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Evaluation Of Concomitant Therapy In People With Epilepsy Potential Drug Drug Interactions And Patient Awareness | 13333
ISSN: 2167-065X

Clinical Pharmacology & Biopharmaceutics
Open Access

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Evaluation of concomitant therapy in people with epilepsy potential drug drug interactions and patient awareness

International Summit on Clinical Pharmacy & Dispensing

Sara Eyal

Accepted Abstracts: Clinic Pharmacol Biopharmaceut

DOI: 10.4172/2167-065X.S1.004

People with epilepsy (PWE) may use prescription and over-the-counter drugs for the treatment of concomitant diseases. Combination of these drugs, as well as dietary supplements, with antiepileptic dugs (AEDs) may lead to reduced control of seizures and of co-existing medical conditions and to increased risk for adverse drug reactions. The aims of this study were to obtain comprehensive lists of medications, dietary supplements, botanicals, and specific food components used by adult PWE through inspection of their medication bag and interview by a pharmacist and to evaluate the potential for interactions which involve AEDs and patient awareness of such potential interactions. We conducted a prospective questionnaire-based study in PWE attending the Epilepsy Clinic at Hadassah-Hebrew University Medical Center, Ein-Kerem Campus. DDIs were analyzed via the online database Micromedex. Of a total of 179 patients who attended the clinic on the study days, we interviewed 73, of which 71 were included in our final analysis. The mean number of AEDs per patients was 1.7?0.8. Forty (56%) PWEs were also treated with other prescription and over-the-counter medications and 48% used dietary supplements. As groups, antipsychotic agents, selective serotonin reuptake inhibitors and statins were more prone to DDIs with AEDs. Two thirds of participants knew that DDIs may lead to ADRs, but only a half knew of the potential for reduced seizure control. This study provides for the first time a comprehensive picture of prescription and over-the-counter drugs and food supplements used by PWE. Despite considerable potential for AEDs interactions, patient awareness is limited, highlighting the importance of patient education.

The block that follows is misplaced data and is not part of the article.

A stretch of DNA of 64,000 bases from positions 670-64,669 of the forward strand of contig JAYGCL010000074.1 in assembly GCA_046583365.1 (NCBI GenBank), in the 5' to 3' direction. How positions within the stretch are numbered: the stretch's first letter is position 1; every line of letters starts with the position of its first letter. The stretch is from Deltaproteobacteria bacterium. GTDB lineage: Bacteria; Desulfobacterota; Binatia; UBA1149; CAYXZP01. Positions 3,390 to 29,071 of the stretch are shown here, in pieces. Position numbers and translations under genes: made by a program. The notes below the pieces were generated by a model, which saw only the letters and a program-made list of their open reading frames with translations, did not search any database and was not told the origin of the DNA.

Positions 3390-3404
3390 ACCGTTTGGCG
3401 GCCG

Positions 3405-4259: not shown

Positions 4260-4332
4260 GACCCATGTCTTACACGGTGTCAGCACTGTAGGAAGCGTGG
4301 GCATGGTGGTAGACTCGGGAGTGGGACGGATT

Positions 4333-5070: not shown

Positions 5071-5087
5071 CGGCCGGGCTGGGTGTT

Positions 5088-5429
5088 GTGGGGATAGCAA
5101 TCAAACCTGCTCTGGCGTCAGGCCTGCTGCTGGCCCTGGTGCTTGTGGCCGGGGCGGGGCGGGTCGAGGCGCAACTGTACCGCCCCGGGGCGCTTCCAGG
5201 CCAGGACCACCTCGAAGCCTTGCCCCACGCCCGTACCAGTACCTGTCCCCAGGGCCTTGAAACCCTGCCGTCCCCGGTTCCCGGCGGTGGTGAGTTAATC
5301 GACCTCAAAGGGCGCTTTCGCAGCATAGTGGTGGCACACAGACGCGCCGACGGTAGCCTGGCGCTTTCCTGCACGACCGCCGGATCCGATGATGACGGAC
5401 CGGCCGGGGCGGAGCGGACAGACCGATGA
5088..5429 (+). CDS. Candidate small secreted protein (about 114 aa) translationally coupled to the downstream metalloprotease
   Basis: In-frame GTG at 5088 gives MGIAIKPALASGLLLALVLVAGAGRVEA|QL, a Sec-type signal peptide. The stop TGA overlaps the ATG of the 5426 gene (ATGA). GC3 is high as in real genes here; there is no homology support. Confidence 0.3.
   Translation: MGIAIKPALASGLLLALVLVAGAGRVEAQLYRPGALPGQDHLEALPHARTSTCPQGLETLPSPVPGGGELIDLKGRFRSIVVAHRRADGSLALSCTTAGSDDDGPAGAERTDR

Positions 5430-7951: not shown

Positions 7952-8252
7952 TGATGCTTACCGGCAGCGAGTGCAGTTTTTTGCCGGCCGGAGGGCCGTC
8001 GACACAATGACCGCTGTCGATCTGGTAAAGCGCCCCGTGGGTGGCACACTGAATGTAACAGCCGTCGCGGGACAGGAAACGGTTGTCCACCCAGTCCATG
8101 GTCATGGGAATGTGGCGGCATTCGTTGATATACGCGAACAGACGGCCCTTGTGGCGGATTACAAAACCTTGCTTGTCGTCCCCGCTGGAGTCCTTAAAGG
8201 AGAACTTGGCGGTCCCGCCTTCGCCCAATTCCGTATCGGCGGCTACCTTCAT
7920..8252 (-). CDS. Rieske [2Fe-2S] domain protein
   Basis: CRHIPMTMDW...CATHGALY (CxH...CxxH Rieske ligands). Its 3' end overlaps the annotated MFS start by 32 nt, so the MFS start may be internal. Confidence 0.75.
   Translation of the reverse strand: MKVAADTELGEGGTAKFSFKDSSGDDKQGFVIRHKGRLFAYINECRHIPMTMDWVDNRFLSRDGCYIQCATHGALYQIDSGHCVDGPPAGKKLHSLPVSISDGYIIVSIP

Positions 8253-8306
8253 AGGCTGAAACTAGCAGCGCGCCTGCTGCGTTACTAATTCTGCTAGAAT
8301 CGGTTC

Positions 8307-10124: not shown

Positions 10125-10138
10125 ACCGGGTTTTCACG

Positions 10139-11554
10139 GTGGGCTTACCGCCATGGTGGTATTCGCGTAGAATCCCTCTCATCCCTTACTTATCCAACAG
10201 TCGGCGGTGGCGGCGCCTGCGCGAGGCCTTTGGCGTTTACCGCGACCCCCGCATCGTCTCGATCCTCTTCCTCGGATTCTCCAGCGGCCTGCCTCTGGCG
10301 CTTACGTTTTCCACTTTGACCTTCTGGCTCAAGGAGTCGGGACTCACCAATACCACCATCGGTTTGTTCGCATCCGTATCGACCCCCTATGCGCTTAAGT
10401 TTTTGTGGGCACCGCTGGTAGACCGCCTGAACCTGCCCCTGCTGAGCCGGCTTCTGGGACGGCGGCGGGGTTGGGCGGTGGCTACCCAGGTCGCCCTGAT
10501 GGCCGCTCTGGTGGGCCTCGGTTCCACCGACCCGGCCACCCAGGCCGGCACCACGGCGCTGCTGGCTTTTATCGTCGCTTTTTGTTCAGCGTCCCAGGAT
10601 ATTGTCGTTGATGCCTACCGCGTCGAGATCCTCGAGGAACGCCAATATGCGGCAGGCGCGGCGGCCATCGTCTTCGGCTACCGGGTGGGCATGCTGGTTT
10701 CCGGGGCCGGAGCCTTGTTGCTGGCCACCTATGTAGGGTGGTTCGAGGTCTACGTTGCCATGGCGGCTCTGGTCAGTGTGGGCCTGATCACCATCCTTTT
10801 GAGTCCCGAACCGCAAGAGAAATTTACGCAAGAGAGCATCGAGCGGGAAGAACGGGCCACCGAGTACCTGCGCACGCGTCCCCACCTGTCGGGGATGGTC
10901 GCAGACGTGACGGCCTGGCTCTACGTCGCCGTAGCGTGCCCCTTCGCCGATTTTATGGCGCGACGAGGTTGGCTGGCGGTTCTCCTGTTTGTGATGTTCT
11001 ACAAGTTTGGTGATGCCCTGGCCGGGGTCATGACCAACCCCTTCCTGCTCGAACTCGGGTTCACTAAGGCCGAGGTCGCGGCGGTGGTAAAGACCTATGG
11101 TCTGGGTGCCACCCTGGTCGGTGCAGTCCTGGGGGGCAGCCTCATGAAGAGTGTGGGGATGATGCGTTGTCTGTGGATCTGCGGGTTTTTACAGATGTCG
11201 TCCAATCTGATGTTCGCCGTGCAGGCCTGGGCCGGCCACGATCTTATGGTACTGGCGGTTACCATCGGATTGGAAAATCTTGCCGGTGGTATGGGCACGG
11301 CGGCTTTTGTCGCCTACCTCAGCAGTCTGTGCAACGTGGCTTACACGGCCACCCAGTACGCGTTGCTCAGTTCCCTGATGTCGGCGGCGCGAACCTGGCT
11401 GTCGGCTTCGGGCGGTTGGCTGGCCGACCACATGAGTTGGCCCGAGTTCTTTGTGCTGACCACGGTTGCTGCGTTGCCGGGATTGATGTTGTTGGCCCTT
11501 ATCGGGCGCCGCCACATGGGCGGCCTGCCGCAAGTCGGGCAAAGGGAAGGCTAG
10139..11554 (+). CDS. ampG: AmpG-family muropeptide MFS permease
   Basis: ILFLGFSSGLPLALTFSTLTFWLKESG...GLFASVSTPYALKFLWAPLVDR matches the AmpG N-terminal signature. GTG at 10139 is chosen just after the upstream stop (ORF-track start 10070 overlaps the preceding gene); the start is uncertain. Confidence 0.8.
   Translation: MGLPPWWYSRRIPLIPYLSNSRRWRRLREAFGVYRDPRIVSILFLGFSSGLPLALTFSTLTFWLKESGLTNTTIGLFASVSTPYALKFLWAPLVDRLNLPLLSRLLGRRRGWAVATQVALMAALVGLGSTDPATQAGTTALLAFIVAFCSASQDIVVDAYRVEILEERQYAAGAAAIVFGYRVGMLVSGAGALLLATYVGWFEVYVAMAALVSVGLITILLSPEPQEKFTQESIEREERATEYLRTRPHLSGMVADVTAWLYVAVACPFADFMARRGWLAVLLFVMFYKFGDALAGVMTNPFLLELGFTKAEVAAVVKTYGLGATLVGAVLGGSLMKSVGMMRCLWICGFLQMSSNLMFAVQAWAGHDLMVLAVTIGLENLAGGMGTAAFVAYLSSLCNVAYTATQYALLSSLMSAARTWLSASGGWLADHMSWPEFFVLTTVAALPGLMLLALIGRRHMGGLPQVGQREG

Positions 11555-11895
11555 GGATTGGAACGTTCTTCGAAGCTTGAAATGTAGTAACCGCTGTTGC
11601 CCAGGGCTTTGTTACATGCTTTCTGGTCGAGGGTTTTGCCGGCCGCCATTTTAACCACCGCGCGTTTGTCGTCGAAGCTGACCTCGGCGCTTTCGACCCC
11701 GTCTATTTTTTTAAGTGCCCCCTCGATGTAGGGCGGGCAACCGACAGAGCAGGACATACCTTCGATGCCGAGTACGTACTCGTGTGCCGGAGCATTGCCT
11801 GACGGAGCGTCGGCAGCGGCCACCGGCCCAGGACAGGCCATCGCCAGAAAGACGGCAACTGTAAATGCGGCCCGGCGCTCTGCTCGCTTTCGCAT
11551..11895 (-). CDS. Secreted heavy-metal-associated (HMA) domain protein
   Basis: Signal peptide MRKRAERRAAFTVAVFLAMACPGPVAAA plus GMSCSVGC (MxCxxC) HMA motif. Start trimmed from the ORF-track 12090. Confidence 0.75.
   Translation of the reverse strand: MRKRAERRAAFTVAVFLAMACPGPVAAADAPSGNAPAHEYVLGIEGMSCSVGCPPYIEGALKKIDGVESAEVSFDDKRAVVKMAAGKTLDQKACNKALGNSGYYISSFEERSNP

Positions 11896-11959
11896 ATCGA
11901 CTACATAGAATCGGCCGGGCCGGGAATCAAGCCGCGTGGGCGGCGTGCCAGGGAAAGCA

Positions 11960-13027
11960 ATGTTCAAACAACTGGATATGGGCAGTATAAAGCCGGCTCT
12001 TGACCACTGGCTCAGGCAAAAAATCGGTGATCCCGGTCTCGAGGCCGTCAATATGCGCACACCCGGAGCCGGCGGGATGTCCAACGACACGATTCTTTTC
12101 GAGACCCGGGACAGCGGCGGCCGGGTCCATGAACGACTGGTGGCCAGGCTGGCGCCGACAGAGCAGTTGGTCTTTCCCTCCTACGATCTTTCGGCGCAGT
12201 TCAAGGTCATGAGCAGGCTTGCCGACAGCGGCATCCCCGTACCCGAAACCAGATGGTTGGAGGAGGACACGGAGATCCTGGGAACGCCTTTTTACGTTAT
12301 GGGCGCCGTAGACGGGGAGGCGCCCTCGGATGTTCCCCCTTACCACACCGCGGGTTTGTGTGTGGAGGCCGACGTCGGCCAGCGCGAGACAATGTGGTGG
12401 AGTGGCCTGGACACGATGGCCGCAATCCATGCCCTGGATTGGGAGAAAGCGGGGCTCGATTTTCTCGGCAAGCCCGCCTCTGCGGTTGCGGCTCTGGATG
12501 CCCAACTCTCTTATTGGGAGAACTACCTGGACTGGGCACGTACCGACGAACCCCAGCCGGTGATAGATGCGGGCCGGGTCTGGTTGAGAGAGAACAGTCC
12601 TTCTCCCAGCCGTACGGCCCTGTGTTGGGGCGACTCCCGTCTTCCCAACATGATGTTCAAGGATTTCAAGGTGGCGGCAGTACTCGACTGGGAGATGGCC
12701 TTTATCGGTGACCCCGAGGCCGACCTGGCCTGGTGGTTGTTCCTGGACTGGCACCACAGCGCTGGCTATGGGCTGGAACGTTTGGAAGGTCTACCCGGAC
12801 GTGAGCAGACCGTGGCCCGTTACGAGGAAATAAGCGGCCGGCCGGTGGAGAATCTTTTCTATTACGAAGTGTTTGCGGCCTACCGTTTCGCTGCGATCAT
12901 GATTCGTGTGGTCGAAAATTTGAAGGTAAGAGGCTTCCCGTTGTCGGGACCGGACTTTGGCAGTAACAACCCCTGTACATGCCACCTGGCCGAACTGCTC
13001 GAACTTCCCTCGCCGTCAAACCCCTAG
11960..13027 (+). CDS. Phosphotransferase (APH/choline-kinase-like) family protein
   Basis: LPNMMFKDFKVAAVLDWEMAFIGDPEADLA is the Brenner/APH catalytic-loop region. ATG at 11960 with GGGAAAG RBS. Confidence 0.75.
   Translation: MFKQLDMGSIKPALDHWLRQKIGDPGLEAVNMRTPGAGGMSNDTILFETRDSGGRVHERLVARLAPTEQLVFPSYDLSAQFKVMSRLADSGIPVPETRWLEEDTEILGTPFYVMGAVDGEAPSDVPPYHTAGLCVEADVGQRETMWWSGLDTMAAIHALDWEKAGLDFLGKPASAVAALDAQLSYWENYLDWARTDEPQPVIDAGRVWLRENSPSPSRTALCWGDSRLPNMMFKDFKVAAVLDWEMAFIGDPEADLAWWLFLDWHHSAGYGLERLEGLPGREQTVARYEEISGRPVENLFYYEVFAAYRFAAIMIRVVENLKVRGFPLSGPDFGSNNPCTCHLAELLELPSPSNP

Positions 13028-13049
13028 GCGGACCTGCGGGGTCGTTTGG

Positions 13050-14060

Sara Eyal is a graduate of the Hebrew University?s School of Pharmacy. Her post-doctoral fellowship took place at University of Washington. Her current research focuses on barriers to drug distribution, e.g. the blood-brain barrier and the placenta, and on individualization of pharmacotherapy with CNS drugs. She also serves as the Head of Research of the Hebrew University Pharm.D. program.